The European Commissions calls for investments and recognition of pupil mobility

Increased pupil mobility and recognition of school periods abroad are among the Commission’s policy proposals

The European Commission is proposing to put in place a “European Educational Area” by 2025, to harness the full potential of education and culture in Europe.

In the Communication “Strengthening European Identity through Education and Culture”, prepared as a contribution to the EU Leaders’ meeting on 17 November 2017 in Gothenburg, the European Commission provides six key policy suggestions that aim to create a Europe in which learning, studying, and doing research would not be hampered by borders.

In fact out of the six proposals included in the Communication, two are mirroring the campaigns that EEE-YFU and its partner organisations have been promoting in the last year, namely RecogniseStudyAbroad and More funding for pupils’ mobility.

In “Making Mobility a reality for all“, the Commission recommends increasing pupil mobility up to 500,000 school pupils through simplified partnerships between schools.

In “Mutual recognition of diplomas“, The Commission suggests working on a Council Recommendation on the mutual recognition of higher education and school leaving diplomas/study periods abroad and indicates May 2018 as the time to publish the proposal for a Council Recommendation.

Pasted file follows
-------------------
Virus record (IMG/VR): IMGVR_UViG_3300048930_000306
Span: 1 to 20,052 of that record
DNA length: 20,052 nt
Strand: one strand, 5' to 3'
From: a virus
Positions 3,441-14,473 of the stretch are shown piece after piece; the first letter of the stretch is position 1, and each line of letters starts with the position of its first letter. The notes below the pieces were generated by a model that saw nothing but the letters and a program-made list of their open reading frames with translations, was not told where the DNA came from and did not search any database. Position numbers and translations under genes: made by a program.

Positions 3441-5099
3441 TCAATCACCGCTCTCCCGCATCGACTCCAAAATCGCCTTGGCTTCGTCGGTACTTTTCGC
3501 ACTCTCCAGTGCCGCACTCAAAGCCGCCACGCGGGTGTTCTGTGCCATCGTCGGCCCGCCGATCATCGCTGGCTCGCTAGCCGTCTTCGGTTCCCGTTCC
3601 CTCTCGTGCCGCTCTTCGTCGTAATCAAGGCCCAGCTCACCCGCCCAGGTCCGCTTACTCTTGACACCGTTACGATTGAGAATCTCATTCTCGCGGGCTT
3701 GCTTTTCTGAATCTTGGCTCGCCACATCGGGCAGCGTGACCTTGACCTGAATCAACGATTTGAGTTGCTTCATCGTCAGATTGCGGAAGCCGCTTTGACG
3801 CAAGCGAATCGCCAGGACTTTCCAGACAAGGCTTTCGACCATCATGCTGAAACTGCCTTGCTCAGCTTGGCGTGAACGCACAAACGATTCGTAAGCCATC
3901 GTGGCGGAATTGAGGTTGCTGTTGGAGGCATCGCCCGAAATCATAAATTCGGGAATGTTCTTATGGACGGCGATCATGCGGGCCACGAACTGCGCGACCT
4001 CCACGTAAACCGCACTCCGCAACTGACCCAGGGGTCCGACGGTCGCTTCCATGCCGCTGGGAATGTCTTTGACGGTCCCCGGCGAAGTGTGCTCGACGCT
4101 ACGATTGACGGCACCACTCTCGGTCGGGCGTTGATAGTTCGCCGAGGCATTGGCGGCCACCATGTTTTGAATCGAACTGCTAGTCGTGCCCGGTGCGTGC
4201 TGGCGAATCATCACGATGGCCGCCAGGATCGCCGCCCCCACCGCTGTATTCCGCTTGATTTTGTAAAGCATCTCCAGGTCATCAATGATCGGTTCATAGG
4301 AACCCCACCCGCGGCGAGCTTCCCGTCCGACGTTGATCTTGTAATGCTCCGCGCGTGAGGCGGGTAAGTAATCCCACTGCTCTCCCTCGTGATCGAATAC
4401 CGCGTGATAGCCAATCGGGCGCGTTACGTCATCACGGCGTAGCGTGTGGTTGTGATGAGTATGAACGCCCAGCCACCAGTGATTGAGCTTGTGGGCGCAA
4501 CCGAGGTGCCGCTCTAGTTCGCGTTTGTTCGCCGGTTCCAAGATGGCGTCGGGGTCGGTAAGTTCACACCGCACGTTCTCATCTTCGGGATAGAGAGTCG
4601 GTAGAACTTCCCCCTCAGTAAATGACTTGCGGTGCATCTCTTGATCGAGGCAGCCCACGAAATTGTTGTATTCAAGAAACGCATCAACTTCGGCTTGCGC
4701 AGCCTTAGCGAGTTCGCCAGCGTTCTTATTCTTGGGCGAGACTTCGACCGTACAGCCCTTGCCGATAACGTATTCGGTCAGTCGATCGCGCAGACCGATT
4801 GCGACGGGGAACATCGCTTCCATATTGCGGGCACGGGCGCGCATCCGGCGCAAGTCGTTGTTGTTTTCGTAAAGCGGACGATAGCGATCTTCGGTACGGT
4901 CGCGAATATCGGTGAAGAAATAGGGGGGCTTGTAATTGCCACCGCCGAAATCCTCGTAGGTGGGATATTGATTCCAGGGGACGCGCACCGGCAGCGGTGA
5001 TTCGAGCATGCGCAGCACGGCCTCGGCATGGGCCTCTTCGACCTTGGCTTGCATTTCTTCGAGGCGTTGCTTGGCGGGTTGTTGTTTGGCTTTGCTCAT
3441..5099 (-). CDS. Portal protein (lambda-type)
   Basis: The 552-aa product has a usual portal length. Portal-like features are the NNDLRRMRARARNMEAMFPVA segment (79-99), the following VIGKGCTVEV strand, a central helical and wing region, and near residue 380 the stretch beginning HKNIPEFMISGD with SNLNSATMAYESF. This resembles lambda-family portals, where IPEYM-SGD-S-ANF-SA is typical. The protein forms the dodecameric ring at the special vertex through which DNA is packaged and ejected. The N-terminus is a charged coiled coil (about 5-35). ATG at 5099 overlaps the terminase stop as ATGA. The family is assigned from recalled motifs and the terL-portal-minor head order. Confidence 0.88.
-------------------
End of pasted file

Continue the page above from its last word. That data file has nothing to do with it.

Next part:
We welcome these very positive policy developments, with a few suggestions…

EEE-YFU and EFIL prepared a joint position paper, as a reaction to the Commission’s Communication.

While we recognise the importance of the issues raised in the Commission’s Communication, we invite decision-makers to consider a few elements and aspects that can have a strong impact in the implementation of these policy suggestions.

  • The increased funding for pupils mobility should come with an involvement of exchange organisations as partners to assist a variety of schools in applying for and managing Erasmus+ pupil mobility.
  • Council Recommendation should cover also the recognition of study periods abroad that do not result in school diplomas and promote a recognition system that is based on the principle of mutual recognition rather than on a complicated credits’ system, like in the Bologna process.

You can read more in our Joint Position Paper.